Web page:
If you have food jars lying around or other glass containers, you can use these as well for storing your seeds. The good things with food jars and other sealed glass containers are they prevent circulating air from entering the container. You can also add a small amount of desiccant to these to prevent moisture. The risk with using sealed containers is that if the seeds and the container are not completely dry before closure, any moisture trapped inside the container ruins the seed.
Zip-lock storage bags
Zip-lock bags are another good alternative to store your seeds. You must ensure the bags are completely intact and not sipping air so that humidity can enter the bag. It has been said before, but the importance of it is high, so it is worth mentioning again; the seeds and the container, in this case, the plastic bag, must be completely dry or the seeds may be destroyed and cannot be germinated.
Can I store seeds in the freezer?
You can store seeds in the freezer but we wouldn’t recommend it. When the seeds are frozen and you take them out, water is formed by the thawing and when we are talking about seeds that have not yet sprouted, they should not be wet. Only when it is time for growing, some types of seeds should soak in water pre-planting.
If you are keeping seeds in the freezer, ensure to quickly take out those you need and dry them. Keep the rest dried in the container and not let them thaw. Then put the container back in the freezer.
Can you still use “out of date” seeds?
If you have ended up storing your seeds for a long time and not realized the time they have been laying around, you may wonder if they are still good to plant. Is it a waste of time germinating old seeds?
No, it may not be a waste. It is surely possible to plant seeds that have been stored for a long time. If you think about it, there is no harm in planting old seeds. If they germinate, the same quality plant will come from the seeds as those that were within the right date. The problem is actually not about the quality of the plants or if they are harmless, it’s rather the chances of getting old seeds to germinate. You can always try and if nothing is coming out of the seeds, then what you have lost is time.
What is the difference between dry seed and soaked seed?
You may have heard about dry seeds and soaked seeds. When we talk about seeds requiring soaking before they are planed, this relates to the growing process and not storage. Before you plant seeds, some types require soaking for a certain amount of time before they can grow. This quickens the germination process.
In all cases, when we are talking about storing and making seeds last for longer, they must be dry.
Buy in volume or smaller batches
Now when you have read that seeds can be viable for a long time applying the right storage, you may wonder if you are better off buying in bulk and store or to buy in small batches. Microgreen seeds can be expensive depending on the type. Seeds can be bought in sizes of small packages that give you a handful of microgreens up to sacks with several pounds of weight. You may consider buying a larger volume to stack up and save some money. The decision to buy volume or in smaller batches depends on your circumstances. If you are growing larger volumes you would probably invest in larger volumes of seeds, but if you are growing from time to time, you may go for the smaller batches and even microgreens kits which include seeds.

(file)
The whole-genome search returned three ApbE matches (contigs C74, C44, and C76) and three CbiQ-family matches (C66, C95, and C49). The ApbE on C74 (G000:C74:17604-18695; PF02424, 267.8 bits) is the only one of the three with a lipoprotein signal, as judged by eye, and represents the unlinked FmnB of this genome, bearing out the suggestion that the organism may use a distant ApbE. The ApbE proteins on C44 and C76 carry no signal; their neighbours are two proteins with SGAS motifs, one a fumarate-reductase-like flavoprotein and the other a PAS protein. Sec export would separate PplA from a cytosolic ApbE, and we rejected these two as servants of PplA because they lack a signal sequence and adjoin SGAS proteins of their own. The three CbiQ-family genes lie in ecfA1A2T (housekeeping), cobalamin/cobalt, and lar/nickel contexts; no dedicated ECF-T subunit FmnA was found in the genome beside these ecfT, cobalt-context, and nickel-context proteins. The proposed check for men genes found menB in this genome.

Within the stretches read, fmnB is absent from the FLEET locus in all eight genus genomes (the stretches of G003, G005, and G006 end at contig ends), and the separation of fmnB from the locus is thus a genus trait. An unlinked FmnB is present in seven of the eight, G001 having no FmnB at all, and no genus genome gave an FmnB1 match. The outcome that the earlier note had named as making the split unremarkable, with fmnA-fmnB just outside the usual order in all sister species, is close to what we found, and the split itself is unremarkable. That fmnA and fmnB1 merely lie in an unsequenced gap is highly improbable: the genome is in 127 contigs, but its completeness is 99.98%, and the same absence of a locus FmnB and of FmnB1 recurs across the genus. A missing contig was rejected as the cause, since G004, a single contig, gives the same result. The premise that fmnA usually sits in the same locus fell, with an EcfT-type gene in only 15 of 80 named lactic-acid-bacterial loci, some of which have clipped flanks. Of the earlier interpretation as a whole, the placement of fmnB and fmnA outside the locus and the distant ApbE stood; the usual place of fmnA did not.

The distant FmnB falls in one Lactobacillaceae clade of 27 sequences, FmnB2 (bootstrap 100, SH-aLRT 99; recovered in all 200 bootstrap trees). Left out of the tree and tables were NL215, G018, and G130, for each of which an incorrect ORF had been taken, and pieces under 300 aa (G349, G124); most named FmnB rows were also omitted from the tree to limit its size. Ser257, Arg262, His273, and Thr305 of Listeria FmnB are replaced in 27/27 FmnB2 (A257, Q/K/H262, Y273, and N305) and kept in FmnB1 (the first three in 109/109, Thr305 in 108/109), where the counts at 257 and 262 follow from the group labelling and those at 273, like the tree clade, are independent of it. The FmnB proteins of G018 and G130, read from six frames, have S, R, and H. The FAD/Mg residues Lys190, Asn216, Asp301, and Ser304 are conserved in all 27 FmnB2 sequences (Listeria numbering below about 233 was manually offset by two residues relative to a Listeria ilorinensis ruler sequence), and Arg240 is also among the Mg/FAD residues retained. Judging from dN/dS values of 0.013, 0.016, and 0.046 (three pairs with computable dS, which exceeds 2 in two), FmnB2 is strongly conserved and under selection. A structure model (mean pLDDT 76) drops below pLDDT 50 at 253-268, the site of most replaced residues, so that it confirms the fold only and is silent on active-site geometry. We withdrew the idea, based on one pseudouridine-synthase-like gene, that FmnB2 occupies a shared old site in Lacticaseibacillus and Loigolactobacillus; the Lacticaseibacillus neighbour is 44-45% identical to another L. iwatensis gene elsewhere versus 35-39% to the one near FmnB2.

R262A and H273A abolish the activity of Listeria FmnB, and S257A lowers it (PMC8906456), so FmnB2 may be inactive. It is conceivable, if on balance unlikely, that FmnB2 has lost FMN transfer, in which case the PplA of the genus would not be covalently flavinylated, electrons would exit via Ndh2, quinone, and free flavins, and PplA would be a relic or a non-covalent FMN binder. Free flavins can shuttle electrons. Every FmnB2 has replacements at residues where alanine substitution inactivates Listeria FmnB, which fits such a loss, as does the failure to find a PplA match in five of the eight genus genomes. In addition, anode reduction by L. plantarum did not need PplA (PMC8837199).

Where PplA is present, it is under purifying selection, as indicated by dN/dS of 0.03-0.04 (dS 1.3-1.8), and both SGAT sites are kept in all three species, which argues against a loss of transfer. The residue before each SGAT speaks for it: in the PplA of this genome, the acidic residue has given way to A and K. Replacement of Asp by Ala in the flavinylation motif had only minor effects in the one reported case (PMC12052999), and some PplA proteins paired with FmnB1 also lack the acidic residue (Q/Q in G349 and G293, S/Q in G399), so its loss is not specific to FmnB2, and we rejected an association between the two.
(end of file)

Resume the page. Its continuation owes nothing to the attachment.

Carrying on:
We prefer to buy in volumes which will last us for a couple of months and then we buy another round. We live in the Meditteranean and with indoor temperatures hitting more than 70 degrees in the summer, we store them in the fridge. With such a humid climate and not having too much indoor space, this makes us better prepared for an all-year growing plan.
How long will microgreens last after harvesting?
Even after your microgreens are harvested you can store them. If you grow more than you can eat, you can preserve them to make them last longer. Most microgreens will last a week or two when they are stored properly in the refrigerator. That means that after the harvest they must be dried and put in a sealed container or plastic bag. They will not last you long if you keep them at room temperature. The same goes for seeds and other types of vegetables.
After you have harvested your microgreens, you must dry them well after rinsing (which you may want to do to get rid of any soil residue if planted with soil). Same as with seeds, you need your readily grown microgreens to be completely dry before you seal them. That will extend their shelf life. A simple tip is to add some paper towels at the bottom of an airtight container to help absorb any moisture. This way you ensure that should there be any remains of damp it will absorb. If they are exposed to too much humidity they will turn into a soggy mash before their quality should degrade.
You can store your seeds for a long time before you use them. If you have ended up with too many seeds and you cannot plant them all at once, there is no need to worry, they have not gone to waste.
Microgreens are an excellent way to keep you equipped with superfoods for a long time. The duration you can keep seeds stored varies depending on the type, but in general, they will last you at least 2 years. The most important thing is to keep them dry and in a dark and cool place.
Getting the best shelf life out of your microgreen seeds ultimately depends on how you treat them. Following the tips we have shared, it should give you comfort that you can invest in seeds, keep them stored, and as such have these amazing superfoods available all year round.